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I think I've read something about usage of TTX and optogenetics, but I cannot find the papers for either anymore. Any reference would be much appreciated, especially those concerning mice and the Corpus Callosum.

Edit: By surgical, I mean to say methods that are based on actually cutting through the tract using a surgical knife (or lasers etcetera), as is commonly found in literature.

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  • $\begingroup$ Welcome to Biology. How exactly do you define surgery? Sticking a needle in a mouse's skull and penetrate the corpus callosum to inject TTX may as well be considered a surgery? $\endgroup$ – AliceD Nov 2 '15 at 8:18
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    $\begingroup$ Sorry, yes this was a poor choice. By surgery I mean methods using a surgical knife to cut through the CC which is the standard method. And thanks for welcoming me :) $\endgroup$ – John Smith Nov 2 '15 at 8:21
  • $\begingroup$ Can I conclude you are after non-invasive methods of ablating the corpus callosum? $\endgroup$ – AliceD Nov 2 '15 at 8:25
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    $\begingroup$ Probably yes. I say probably as I have to admit that I have very limited knowledge about these things. I'm basically interested in any non-standard approach to temporarily or permanently disabling the CC (or other tracts if methods are transferable). $\endgroup$ – John Smith Nov 2 '15 at 9:02
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I was able to find one non-invasive method to sever the corpus callosum (callosotomy). This method is referred to as gamma knife radiosurgery (Mathew et al., 2007). Basically, 201 beams of gamma beams are focused on the corpus callosum and where the beams intersect, the energy is high enough to permanently damage the tissue. I doubt this technique is available for routine use in animals, though.

Another interesting technique is photothrombosis. This method is based on the systemic injection of a photosensitive dye named Rose bengal. Subsequent focal illumination of the brain with a cold light source through the intact skull leads to focal cortical infarcts of reproducible size, location and geometry (Schroeter et al., 2002) . Brain damage is induced due to photo-activation of the dye and subsequent endothelial damage with platelet activation and thrombosis, resulting in local blood flow interruption. The light source can be applied on the intact skull with no need of craniotomy, which allows targeting of any cortical area of interest in a reproducible and non-invasive way (Labat-Gest & Tomasi, 2013). However, although the light source penetrates the skull, I don't think the method is useful for the induction of deep-brain lesions, as I was able to locate only studies using it to model cortical lesions.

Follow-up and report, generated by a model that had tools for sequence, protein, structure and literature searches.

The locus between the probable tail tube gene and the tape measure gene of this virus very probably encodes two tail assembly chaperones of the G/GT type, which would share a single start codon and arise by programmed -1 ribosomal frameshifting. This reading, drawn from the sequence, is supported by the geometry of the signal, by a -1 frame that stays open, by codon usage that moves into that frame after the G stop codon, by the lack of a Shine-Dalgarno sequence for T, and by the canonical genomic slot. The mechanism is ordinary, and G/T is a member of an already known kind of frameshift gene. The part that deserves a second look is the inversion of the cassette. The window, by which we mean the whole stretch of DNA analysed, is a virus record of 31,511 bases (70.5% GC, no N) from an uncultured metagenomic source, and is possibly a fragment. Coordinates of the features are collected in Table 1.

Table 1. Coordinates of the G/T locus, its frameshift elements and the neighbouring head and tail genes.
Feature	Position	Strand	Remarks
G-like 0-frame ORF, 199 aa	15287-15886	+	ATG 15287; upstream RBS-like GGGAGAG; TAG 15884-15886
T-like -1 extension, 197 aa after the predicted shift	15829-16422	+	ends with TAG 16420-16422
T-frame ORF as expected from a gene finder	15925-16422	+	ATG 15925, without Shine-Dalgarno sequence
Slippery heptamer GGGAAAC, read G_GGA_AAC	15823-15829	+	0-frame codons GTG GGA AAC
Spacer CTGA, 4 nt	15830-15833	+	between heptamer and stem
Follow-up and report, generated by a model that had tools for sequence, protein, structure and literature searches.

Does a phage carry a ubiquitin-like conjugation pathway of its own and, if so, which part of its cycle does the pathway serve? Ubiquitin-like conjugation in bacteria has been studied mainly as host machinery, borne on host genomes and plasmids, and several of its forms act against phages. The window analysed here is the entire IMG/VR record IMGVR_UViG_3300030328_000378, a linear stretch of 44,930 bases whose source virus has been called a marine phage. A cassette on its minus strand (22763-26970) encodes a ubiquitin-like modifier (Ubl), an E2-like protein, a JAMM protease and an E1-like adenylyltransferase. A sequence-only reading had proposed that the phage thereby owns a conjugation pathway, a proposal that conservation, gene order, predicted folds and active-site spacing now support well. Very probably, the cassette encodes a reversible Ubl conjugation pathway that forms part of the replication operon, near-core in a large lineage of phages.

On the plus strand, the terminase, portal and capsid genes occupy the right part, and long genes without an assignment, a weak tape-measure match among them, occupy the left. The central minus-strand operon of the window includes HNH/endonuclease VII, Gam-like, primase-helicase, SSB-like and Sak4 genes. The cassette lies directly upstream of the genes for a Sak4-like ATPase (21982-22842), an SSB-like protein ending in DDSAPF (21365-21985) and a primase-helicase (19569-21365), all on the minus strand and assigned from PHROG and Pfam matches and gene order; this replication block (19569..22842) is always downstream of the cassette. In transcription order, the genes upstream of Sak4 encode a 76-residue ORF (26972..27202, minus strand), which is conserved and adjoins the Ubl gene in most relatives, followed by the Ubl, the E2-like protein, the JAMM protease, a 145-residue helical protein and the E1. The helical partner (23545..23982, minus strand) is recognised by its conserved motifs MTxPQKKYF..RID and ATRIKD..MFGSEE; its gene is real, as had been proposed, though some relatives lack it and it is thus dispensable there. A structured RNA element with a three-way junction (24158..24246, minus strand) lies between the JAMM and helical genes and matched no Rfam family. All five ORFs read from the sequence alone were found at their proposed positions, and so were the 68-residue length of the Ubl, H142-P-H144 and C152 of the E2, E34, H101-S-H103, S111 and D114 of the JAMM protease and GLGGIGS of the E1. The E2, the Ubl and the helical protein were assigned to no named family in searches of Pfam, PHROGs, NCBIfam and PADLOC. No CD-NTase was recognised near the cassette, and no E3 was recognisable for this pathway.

Having not answered the question, I'd like to say that either surgical sectioning, or chemical ablation using micro-injection of neurotoxins are the most commonly encountered methods to perform a callosotomy.

References
- Labat-Gest & Tomasi, J Vis Exp (2013); 76: 50370
- Schroeter et al., J Neurosci Methods (2002); 117(1): 43–9
- Mathew et al., J Neurosurgery: Pediatrics (2007); 106(4): 312-5

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  • $\begingroup$ Thanks you very much for your well researched answer. Could you maybe elaborate a on the chemical methods you mentioned at the end? $\endgroup$ – John Smith Nov 2 '15 at 15:33
  • $\begingroup$ @JohnSmith - maybe that would better be done in a new question. The comments preferably shouldnt be used to ask new questions. Surgical methods were not the question. If you have questions about those you might consider posting a new one. $\endgroup$ – AliceD Nov 2 '15 at 20:14

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